Travel + Writing= ???

As a young journalism student exploring her field for the first time, it is intimidating not knowing exactly what I was passionate about. I did not have huge affinities for fashion, health, sports, or music. I wasn’t into tech or science enough to report on it for the rest of my life. All I knew was that I have travelled my entire life, and I loved to write. It never clicked that I could do both. Not until I took MAG 300, or Travel Writing at Syracuse University’s Madrid program summer 2015.

I decided that this past summer, I was going to take classes in Madrid. I love to learn. No seriously, I do. There’s not a subject that I don’t like—well, besides geography… and biology. I decided to fill what would have been my empty summer months with adventure and knowledge! YAY LEARNING! I was especially excited to take the travel writing class that the program offers. This would be my first chance to discover what my *journalistic passions* were.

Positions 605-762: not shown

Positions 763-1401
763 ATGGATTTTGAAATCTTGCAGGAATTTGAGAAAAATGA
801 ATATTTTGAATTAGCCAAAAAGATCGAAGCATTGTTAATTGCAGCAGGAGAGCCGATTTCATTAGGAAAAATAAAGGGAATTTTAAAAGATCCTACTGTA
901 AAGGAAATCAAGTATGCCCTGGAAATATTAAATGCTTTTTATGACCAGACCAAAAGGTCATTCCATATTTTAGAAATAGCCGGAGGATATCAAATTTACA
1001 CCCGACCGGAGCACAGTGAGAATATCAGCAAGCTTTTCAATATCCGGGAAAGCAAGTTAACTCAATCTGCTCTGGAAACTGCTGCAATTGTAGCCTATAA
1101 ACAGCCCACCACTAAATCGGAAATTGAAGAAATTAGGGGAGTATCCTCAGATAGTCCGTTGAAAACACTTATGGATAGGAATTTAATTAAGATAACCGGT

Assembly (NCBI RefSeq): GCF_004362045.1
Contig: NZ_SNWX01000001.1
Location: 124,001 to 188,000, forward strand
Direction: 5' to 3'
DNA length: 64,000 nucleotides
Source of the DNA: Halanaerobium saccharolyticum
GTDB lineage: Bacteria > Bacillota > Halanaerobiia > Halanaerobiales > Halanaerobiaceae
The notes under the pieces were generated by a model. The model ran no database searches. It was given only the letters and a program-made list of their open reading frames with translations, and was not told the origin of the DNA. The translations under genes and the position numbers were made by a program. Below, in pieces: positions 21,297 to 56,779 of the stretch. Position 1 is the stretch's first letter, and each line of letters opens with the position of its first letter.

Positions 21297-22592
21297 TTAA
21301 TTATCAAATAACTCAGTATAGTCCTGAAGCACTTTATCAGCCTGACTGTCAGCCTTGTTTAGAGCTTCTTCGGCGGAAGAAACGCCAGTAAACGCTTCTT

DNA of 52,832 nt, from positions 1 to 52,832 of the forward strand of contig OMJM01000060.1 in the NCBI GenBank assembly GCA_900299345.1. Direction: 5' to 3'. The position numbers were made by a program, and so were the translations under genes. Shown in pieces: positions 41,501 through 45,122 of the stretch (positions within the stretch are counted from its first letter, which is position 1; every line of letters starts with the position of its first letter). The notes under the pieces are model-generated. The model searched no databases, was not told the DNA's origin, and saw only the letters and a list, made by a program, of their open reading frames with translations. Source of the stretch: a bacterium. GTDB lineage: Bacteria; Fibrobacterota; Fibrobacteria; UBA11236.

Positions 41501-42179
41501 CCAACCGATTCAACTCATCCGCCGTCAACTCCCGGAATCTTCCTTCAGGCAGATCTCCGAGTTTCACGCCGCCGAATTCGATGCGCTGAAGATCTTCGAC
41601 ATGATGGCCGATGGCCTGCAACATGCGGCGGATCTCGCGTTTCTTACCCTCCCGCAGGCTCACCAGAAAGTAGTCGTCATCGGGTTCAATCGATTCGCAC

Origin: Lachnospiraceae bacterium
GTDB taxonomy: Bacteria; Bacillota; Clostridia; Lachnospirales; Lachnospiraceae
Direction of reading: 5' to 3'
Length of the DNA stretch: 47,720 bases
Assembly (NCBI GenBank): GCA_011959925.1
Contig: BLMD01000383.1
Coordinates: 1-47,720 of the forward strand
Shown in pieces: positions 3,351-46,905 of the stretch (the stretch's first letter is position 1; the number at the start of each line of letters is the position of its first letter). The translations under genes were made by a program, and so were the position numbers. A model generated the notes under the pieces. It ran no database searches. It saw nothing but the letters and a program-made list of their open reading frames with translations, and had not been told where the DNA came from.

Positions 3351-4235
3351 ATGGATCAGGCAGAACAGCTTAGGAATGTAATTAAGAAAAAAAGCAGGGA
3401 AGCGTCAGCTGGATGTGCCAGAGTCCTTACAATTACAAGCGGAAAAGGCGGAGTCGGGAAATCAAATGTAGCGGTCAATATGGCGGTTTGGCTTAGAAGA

I fell in love with travel writing immediately. It was our very first reading that made me realize how passionate about travel writing I was. It was an article called The Seven Myths of Being a Travel Writer by Tim Leffel. In his article, Leffel debunks some of the biggest myths about being a travel writer. After my professor read out each myth, he would ask, “now, does this sound like something you’re still interested in?” And as the list went on, the less people raised their hands. Except for me; with every myth, I grew more and more eager about the idea of doing this for a living. I didn’t care if I wouldn’t be rich (myth #1), or my stories wouldn’t always get picked (myth #6). It’s the personal growth from experiencing something new that is the most valuable.

Over six weeks, I developed my writing skills to include travel writing as a style in my repertoire. I produced four pieces that I am very proud of, and use as writing samples. I got to report on places that I had the chance to discover. I now feel completely comfortable as a Madrileña.

The most important thing that I drew away from the class was about the scope of travel—something that I had not realized before. Travel is as expansive and luxe, or as rough and tumble as you want it to be. You can go to both Seoul and down the street to your neighborhood’s popular juice bar, and have there be a gripping travel story in both. Both are exotic and one-of-a-kind, and most importantly, worth sharing. Travel is not one size, and I should go, discover and then tell everybody about it.


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